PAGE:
When researching Mr Walker I found out that he was quite the genius. Born in 1824 in Nashville, Tennessee, by the time he was 25 he had two degrees, one in law and one in medicine. He first graduated the University of Nashville when he was just 14 years old and also studied at the Universities of Heidelberg, Edinburgh and Paris.

William Walker
William Walker

For anyone who doesn’t know who William Walker is or what he achieved you might be expecting me to tell you about his contributions to medicine or law right now. Believe it or not he was what is known as a filibuster. A filibuster is a type of irregular soldier who acts (goes to war) without the authorisation of their government with the intention of causing independence or revolution. This is not the same as a mercenary though because while a mercenary works for an employer, a filibuster works for him or herself.

Initially, in 1853, he set off from the USA with fourty five men with the intention of capturing land in Mexico and setting up his own republic. Incredibly, he was successful and named himself president of the new Republic of Lower California (renamed later to the Republic of Sonora). Fortunately for him, by 1854, his somewhat small army had been reinforced by two hundred Mexicans and a further two hundred Americans from San Francisco.

Of course, the Mexican government at the time did not take to the idea of having some of their territory taken in this manner and eventually sent some troops to skirmish with Walker and his men. By this point Walker had also decided to march onwards and claim more territory for his expedition and headed for the city of Senora. He failed due mainly to many (read most) of his men deserting him so much so that by May 1854 he had but thirty five men remaining in his army.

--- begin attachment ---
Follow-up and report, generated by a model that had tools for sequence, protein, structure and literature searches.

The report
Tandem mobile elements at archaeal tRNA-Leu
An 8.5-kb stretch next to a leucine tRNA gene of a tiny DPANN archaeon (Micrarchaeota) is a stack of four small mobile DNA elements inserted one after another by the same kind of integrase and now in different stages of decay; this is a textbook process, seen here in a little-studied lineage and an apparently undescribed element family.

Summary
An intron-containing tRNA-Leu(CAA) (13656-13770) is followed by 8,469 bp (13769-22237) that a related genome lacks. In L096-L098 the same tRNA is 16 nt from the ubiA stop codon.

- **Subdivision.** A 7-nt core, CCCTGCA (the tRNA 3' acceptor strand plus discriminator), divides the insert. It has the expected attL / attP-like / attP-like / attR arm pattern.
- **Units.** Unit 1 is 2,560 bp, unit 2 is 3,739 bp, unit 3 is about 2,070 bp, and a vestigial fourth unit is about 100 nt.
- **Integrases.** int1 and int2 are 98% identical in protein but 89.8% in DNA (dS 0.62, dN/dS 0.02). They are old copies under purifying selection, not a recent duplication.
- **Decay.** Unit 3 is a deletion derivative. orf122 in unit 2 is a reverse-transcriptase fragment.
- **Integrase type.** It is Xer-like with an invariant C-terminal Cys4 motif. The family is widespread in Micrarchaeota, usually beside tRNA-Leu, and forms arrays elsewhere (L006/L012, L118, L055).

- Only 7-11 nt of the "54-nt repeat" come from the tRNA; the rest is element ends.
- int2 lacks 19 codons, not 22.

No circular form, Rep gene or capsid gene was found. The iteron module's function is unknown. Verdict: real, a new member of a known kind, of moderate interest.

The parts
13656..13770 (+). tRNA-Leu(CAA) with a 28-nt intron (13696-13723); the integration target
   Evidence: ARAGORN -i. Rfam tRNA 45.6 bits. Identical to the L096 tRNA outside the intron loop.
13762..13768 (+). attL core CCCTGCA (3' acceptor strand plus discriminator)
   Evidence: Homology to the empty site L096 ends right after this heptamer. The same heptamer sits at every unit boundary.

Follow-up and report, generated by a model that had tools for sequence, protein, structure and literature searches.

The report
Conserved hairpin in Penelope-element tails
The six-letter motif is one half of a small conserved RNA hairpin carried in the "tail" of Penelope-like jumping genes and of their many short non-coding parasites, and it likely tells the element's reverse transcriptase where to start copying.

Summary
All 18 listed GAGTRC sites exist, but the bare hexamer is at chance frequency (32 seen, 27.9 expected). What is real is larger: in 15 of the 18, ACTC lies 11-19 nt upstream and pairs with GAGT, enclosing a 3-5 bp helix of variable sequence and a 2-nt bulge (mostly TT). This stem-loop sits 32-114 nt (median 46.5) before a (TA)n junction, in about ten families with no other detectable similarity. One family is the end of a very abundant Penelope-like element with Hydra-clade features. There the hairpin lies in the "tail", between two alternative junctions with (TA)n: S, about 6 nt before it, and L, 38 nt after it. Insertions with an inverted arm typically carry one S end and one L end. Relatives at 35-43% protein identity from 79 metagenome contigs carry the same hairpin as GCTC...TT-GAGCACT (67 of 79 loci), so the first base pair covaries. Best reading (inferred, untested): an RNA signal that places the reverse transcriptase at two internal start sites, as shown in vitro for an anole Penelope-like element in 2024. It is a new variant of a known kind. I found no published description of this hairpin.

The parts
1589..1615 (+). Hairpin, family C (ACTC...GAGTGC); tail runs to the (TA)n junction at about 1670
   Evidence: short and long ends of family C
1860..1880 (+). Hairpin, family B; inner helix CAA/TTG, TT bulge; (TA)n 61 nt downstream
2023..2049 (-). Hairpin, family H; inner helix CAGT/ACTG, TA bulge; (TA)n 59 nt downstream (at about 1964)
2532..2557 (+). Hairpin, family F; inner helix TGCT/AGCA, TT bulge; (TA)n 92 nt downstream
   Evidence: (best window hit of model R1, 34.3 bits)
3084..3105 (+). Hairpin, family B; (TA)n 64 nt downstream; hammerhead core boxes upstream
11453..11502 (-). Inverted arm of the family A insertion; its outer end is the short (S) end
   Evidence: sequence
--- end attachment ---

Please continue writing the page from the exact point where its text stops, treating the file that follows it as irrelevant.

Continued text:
It is at this point he gave up on his expedition and marched the remainder of his force and himself back to the US border. When he arrived on 8th May 1854 (his birthday), he surrendered to Major J. McKinstry of the US Army and was placed under arrest. Long story short, he was tried at a Federal court in San Francisco and acquitted after only eight minutes of deliberation by the jury.

His story doesn’t end here though…

In less than a year he was on the war path once more but this time in Nicaragua. At this point in history, Nicaragua was in the middle of a civil war between the legitimists of León and the democrats of Grenada. León (the losing side at this point) asked him to help them against Grenada. He accepted and he managed to lead León to victory in October 1855 and set himself up as President of Nicaragua. In May 1856 the US government officially recognised his presidency.

Now, one does not simply rampage round Latin America, raising all kinds of hell without making some enemies along the way. One such enemy was Cornelius Vanderbilt (only the most richest and powerful businessman in America) who sent agents to start uprsings, sent supplies to Walker’s enemies and bolstered the armies of unfriendly countries with US mercenaries, particularly the army of Costa Rica. Eventually Walker was again forced to return to the USA where once again he found himself on trial in New York and where once again he was acquitted fairly swiftly.

His story still doesn’t end here…

Immediately after his second trial his raised another army and headed for the Costa Rican coast where he landed his force in Punta Arenas in November 1857. He didn’t get much further though as his efforts this time were stopped by Commodore Hiram Paulding of the US Navy who once more arrested Walker and sent him back to the US where once more he faced a third trial in New Orleans and was acquitted for third time.

I’ll give you three guesses what the guy did next…